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On Motivation

Sometimes, motivation can be in scarce supply. Consider these questions honestly: are you the kind of athlete who doesn’t spend time working on mobility because you’re content with your squats being half-depth? Or who doesn’t bother working on improving your upper body pulling strength because you’re content to use the same band for assistance every time you do pull ups? You’re settling for mediocrity, and you should treat yourself better.

There can be a large gap between a person’s desire to be better and his/her motivation to do things that will make him/her better. When push comes to shove, even people who sincerely desire to get better at something will often find it easier to do nothing rather than take steps to effect change. The good news is there are a number of things you can do to structure your life in such a way that you do not have to be entirely reliant on internal motivation.

The easiest, and often most effective, thing to do is use people around you for motivation. Pay attention to your environment: who has what you want? Who works really hard? Who do you admire, who do you want to emulate? Find people who are better than you, and start trying to be like them instead of settling for your current level (of fitness or anything else). Just as boats rise with the tide, intentionally surrounding yourself with people who work really hard will lift you up to a higher level.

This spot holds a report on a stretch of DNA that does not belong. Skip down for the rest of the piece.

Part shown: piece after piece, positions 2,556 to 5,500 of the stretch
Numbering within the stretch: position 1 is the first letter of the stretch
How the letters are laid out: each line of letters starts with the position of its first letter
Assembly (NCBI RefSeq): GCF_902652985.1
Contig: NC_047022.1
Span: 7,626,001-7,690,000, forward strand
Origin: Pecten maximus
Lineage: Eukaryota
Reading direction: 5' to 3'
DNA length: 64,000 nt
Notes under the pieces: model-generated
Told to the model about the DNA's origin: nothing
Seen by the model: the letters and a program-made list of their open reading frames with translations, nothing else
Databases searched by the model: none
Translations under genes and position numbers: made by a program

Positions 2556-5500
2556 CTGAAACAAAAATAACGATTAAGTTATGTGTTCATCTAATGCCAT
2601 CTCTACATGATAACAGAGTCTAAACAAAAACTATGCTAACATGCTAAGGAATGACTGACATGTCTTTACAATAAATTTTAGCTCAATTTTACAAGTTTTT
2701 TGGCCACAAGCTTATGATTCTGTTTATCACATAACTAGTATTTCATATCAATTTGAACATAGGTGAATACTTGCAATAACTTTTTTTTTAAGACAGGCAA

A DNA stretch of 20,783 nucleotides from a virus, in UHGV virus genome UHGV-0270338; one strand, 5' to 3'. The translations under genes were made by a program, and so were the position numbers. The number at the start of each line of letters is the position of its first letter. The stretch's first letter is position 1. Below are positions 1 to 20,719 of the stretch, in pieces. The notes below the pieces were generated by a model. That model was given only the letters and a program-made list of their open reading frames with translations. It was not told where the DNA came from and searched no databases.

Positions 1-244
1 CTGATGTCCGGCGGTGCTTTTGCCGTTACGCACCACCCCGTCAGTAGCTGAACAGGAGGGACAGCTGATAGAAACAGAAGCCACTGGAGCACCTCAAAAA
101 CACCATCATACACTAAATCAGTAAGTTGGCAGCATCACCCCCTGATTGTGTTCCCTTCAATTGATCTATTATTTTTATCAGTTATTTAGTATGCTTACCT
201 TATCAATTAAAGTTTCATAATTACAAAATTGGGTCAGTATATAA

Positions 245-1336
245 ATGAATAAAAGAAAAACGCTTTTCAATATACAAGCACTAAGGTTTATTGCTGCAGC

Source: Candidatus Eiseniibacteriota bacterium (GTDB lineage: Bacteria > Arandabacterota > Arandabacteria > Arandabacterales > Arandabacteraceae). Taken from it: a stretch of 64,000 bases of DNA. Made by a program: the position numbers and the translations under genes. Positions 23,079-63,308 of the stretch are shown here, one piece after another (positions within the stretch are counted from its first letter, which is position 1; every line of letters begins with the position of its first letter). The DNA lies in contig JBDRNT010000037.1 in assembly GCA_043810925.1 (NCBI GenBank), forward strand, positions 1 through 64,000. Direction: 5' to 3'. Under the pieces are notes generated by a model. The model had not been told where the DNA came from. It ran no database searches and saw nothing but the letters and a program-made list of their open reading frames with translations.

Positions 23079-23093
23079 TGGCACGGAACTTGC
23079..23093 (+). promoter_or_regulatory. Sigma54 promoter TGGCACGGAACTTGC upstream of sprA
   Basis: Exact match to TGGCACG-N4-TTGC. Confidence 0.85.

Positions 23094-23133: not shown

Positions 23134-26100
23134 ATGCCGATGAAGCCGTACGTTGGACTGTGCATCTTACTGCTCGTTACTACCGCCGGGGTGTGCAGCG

Building in accountability is also incredibly helpful. Tell people in advance what workouts you are planning to do in the next few days, which movements you need to work on; find a training partner; enlist one of the coaches for support.

Ultimately, it comes down to your community. If you surround yourself with motivated people who work hard, they will help inspire you to put in the work that will make you better. CrossFit is great for this because no one works out alone; you’re surrounded by people of all levels, many of whom are likely better than you at something. We can provide the community, but you have to actively engage with it. Don’t sell yourself short and settle for mediocrity. Strive to make yourself better, even if it’s just at one thing. Don’t use a lack of motivation as an excuse; go out and enlist other people to help you find some!

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